I have recently found myself having to pour over 100’s of reconstructions of neurons from http://NeuroMorpho.org and make small changes before I can analyze them further. I needed a free tool that could:
a) let me quickly preview the contents and
b) make changes to the SWC files (e.g. move some branches around, set/change node types, get rid of/merge short segments, etc…)
Finding such a tool has proven to be elusive. However a combination of them seems to be sufficient for the job. Below I go over the tools that were most helpful:
HBP Morphology Viewer: A quick, web-based SWC viewer
Pros: This tool is nice if you need to quickly view an SWC file and don’t want to install any software. You can upload your file and use the mouse to rotate the cell in 3D, use a side panel to show/hide different cell sections, and use buttons to save the file in a few formats (e.g. X3D and NeuroML). Default colors are not bad.
Cons: The camera controls are a bit clunky. It renders soma as a cylinder. You have to upload the SWC files, one at a time, to view them.
Cvapp (Standalone): A quick desktop SWC viewer
Pros: It’s a downloadable software that you could set up to open your SWC files by making it the default app for for the .SWC files. This makes it similar to image preview software, where it opens a 3D view of a SWC file once you click on it in a folder. You can use the mouse to rotate/zoom/pan the view, and UI controls to save the file in different formats and change how the cell is rendered.
Cons: It has to be installed. Requires Java. Soma is rendered as a rectangle(?).
OS: Windows, Linux, and Mac (?)
neuTube: desktop SWC editor
Pros: neuTube can view SWC files in 3D and allow editing of individual nodes. It has powerful node selection and manipulation features (see below screenshot). It is possible to change the rendering type (as spheres, cylinders, lines) and how the nodes are colored (see screenshot below). Can also change the color scheme and most other settings (by scrolling down and using “Advanced” button).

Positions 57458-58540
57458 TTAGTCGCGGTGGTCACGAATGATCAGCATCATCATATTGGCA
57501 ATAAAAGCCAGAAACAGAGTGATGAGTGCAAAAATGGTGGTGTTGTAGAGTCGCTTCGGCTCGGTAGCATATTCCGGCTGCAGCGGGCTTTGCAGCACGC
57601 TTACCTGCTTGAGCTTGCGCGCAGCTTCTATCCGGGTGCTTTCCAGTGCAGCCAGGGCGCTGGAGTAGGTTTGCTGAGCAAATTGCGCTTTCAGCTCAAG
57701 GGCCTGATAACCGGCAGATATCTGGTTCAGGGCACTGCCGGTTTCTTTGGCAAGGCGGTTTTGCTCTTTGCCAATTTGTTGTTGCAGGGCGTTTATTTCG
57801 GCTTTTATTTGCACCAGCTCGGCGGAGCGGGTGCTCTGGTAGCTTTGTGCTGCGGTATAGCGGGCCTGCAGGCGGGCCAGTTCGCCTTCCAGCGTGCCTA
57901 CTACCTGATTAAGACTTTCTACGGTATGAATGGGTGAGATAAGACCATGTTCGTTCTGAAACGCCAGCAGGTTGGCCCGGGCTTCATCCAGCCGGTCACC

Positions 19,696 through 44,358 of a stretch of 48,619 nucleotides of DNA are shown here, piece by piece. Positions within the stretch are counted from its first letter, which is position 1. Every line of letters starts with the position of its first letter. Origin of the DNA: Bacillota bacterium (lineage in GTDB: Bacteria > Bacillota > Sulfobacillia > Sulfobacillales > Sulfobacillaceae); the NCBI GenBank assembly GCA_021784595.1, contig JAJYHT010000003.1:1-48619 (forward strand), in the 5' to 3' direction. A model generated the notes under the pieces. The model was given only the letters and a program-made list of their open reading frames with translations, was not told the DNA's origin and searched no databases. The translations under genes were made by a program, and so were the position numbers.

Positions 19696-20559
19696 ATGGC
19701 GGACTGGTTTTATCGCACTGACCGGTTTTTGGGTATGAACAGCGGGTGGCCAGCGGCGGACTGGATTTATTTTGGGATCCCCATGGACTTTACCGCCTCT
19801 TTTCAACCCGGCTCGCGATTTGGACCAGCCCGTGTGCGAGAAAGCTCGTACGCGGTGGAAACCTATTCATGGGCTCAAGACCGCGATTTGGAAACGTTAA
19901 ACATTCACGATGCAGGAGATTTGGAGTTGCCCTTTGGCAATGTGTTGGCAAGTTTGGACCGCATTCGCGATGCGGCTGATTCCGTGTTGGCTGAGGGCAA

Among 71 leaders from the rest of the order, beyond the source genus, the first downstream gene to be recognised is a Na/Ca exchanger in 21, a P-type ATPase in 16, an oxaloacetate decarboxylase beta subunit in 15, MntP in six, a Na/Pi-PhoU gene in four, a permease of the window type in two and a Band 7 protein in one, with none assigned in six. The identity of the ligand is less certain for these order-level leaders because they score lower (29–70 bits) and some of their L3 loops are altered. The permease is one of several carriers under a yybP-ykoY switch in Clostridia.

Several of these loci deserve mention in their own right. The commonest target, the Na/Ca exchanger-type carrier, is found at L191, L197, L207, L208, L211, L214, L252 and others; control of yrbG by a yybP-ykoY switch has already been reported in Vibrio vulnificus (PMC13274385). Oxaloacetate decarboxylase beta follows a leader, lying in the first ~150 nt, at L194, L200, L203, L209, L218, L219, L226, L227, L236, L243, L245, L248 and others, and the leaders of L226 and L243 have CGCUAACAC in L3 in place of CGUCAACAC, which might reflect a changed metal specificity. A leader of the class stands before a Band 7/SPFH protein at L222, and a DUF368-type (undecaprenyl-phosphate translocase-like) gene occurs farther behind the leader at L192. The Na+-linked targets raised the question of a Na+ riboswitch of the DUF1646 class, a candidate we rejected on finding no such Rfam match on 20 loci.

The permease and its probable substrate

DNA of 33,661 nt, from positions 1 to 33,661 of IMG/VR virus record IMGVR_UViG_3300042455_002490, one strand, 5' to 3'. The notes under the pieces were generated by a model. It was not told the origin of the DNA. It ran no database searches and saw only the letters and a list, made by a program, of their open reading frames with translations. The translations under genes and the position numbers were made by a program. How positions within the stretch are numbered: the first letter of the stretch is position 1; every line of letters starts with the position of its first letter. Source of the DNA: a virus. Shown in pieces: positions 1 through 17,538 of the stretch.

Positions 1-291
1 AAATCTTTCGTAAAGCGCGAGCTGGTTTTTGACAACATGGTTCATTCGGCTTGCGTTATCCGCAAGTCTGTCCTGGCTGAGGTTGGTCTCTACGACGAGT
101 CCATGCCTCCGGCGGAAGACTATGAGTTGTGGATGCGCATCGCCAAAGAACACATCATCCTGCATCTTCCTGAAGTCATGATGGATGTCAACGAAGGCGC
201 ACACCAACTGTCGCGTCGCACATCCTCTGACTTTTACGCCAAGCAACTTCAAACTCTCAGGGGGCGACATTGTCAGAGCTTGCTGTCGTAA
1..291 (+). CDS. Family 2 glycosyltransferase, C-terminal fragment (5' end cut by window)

There is a powerful SWC cleanup type of feature (although says “Experimental”), that can be used to clean short nodes by deleting or merging them, as well as perform a few other manipulations (see screenshot below).
Cons: The default colors are a bit jarring. While you can change them, there does not appear to be a way to save this preference. Clunky save UI: After making SWC file edits you can press CTRL+S to save the file (overwrite). For “save as”, a .TIFF stack file must be open prior to opening the SWC file. To select a region you can press SHIFT+R, draw rectangle, then SHIFT+S to select the nodes under the rectangle.
There is also a “neuTu” project, which seems related, and looking at screenshots, possibly an updated version of “neuTube”. However, it requires >2GB of space — I did not test it.
OS: There are binaries for Windows and Mac. Might be possible to compile the source code on Linux (?).
By using neuTube, I’ve found various workarounds for the above issues.
Semi-persistent Settings: It is “sort of” possible retain settings in 3D view. Basically, the settings are saved as long as the 3D window is not closed, and you can use CTRL+S and the “Neurons” tab to save/open/close other SWC files.
First set your desired settings. Then, to view another SWC file using the same settings, in the top right panel “Neurons”, select the currently open file, press DEL to remove it from view. Then to open another SWC file, drag it from your folder onto the same Neuron tab.
Shortcut keys: While some menu items have keyboard shortcuts, many do not. However, you can use AutoHotKey (on Windows) to create macros and assign them to keyboard shortcuts. Here’s my AutoHotKey script for: Selecting the host branch of a node, change the type, set as root, select upstream, downstream.
Neuromantic: an older SWC editor, similar to neuTube
Pros: Can view and edit SWC files. Powerful node selection and manipulation features. A large array of pre-defined plots (see below).
Cons: The node editing interface is clunky – I had to refer to the manual a few times to make some simple changes. There doesn’t appear to be an easy way to change the z-coordinate (have to flip through stacks). Graphics look a bit dated. Windows only.
OS: Windows only.
I was able to do most of what I needed with neuTube. But Neuromantics might have a feature you need that complements neuTube.